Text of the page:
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Meet Yusra Mardini: Syrian Refugee Who Swam for Her Life Now Swims at the Olympics

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Yusra Mardini once Swam for her Life as a Refugee now Swims at the Olympics - World Of Buzz 9
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Yusra Mardini was born in Syria but she had to flee from her war-torn home country to search for a better life.

Before, being in the Olympic Games seemed fiction as the teenager had to face the struggles of her 25 days exodus from Damascus, Syria to Germany.

Yusra Mardini once Swam for her Life as a Refugee now Swims at the Olympics - World Of Buzz 1

Yusra Mardini once Swam for her Life as a Refugee now Swims at the Olympics - World Of Buzz

In the midst of her journey, Mardini and her elder sister were able to secure a spot on a small dinghy to cross the Mediterranean to Greece in exchange for a huge sum of money. It wasn’t the best but it was their only choice for them to proceed to what they hope is a better life.

Yusra Mardini once Swam for her Life as a Refugee now Swims at the Olympics - World Of Buzz 6

Yusra Mardini once Swam for her Life as a Refugee now Swims at the Olympics - World Of Buzz 2

The small boat that was meant to accommodate 6 passengers left Turkey with 20 occupants. Thirty minutes into the ride, the motor of their boat started to give way and their dinghy was on the verge of capsizing, according to Independent UK.

Fortunate enough, the 18-year old Mardini is the middle child of three daughters to a swim coach.

Without any other option, Mardini and her sister jumped into the waters and started swimming for their lives. They managed to pull their boat to Lesbos and eventually made their way to Germany — their final destination.

“I had one hand with the rope attached to the boat as I moved my two legs and one arm. It was three and half hours in cold water. Your body is almost like … done. I don’t know if I can describe that.”

“It was really hard, for everyone, and I don’t blame anyone if they cried. But sometimes you just have to move on.”

Mardini hated the open waters ever since then, but even so, she knew that at that moment that it was swimming that kept her alive. Respect!

“I remember that without swimming I would never be alive maybe because of the story of this boat. It’s a positive memory for me.”

Although given a chance to start life anew, things weren’t easy for Mardini and her sister. They spotted a German restaurant but the restaurant wouldn’t take them fearing that they would rob them.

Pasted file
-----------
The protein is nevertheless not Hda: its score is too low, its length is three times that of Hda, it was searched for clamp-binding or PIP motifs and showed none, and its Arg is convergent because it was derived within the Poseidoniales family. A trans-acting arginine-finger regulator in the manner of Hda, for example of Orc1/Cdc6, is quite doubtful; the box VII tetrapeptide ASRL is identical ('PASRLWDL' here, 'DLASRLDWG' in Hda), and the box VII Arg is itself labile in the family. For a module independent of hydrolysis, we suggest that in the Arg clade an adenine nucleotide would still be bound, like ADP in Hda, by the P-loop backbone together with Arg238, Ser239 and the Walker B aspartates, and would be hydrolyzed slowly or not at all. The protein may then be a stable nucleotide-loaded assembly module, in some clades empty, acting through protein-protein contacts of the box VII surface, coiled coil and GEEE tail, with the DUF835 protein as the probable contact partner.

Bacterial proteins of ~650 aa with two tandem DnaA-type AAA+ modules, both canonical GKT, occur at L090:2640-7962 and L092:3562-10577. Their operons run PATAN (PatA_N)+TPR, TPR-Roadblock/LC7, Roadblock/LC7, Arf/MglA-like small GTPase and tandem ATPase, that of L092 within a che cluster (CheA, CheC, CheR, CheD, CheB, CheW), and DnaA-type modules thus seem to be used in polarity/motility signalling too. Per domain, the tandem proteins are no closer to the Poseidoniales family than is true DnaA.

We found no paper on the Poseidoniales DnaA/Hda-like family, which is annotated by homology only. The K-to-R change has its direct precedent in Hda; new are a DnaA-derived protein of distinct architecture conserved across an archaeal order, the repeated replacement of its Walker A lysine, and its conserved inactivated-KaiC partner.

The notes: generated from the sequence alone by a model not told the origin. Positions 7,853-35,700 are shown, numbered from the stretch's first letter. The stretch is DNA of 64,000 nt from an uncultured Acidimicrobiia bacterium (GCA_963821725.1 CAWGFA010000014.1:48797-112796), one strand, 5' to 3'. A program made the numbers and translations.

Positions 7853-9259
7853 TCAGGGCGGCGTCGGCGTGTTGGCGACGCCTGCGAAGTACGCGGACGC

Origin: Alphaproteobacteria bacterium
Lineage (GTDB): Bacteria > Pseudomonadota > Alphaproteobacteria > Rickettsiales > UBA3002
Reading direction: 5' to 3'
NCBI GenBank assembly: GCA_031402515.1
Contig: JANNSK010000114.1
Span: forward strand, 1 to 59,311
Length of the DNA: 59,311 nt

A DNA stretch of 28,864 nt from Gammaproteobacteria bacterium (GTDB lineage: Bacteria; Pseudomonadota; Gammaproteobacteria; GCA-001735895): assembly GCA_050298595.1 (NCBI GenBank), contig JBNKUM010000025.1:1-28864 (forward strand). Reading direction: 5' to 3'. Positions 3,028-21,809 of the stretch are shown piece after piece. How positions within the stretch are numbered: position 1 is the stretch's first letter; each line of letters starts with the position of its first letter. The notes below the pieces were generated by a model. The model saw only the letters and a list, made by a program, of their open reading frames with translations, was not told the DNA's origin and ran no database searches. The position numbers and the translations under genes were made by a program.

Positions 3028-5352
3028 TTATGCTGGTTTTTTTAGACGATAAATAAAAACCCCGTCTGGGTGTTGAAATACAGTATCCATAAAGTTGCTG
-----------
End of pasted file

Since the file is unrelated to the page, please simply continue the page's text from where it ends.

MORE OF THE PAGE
However, things turned around for Mardini when she was referred to join a swimming club known as Wasserfreunde Spandau 04.

Yusra Mardini once Swam for her Life as a Refugee now Swims at the Olympics - World Of Buzz 5 Yusra Mardini once Swam for her Life as a Refugee now Swims at the Olympics - World Of Buzz 4

Soon, coach Sven Spannerkrebs decided to take Mardini under his wing with plans to train her for the Tokyo Olympics in 2020. But as God works in mysterious ways, Mardini had been one in ten selected by the International Olympic Committee (IOC) to join the Refugee Olympic Athletes Team (ROT) in the Rio Games this year.

Thus far, Mardini had won a 100m butterfly heat against four other women. Despite the win, she didn’t qualify for semi-finals. But that’s ok, Mardini has already won the hearts of the people.

Being a refugee herself, Mardini sets out to give an insight of living as one.

“A lot of people think refugees have no home, that they had nothing at all. Sometimes when I have my iPhone they are like, ‘you know iPhone, oh my God’ – but I’m like, ‘of course’. They think we live in some desert. No, we have everything like you,” she said.

“I want everyone to think refugees are normal people who had their homelands and lost them not because they wanted to run away and be refugees, but because they have dreams in their lives and they had to go.”

Her story has resonated to people worldwide and she has become an inspiration to many. Mardini is living proof that you yourself determines where you end up, no matter how tough a family or situation you’re born into. To think, most of us who are fortunate enough suffer from ‘First World Problems’ all day. Guess we should really start to count our blessings.

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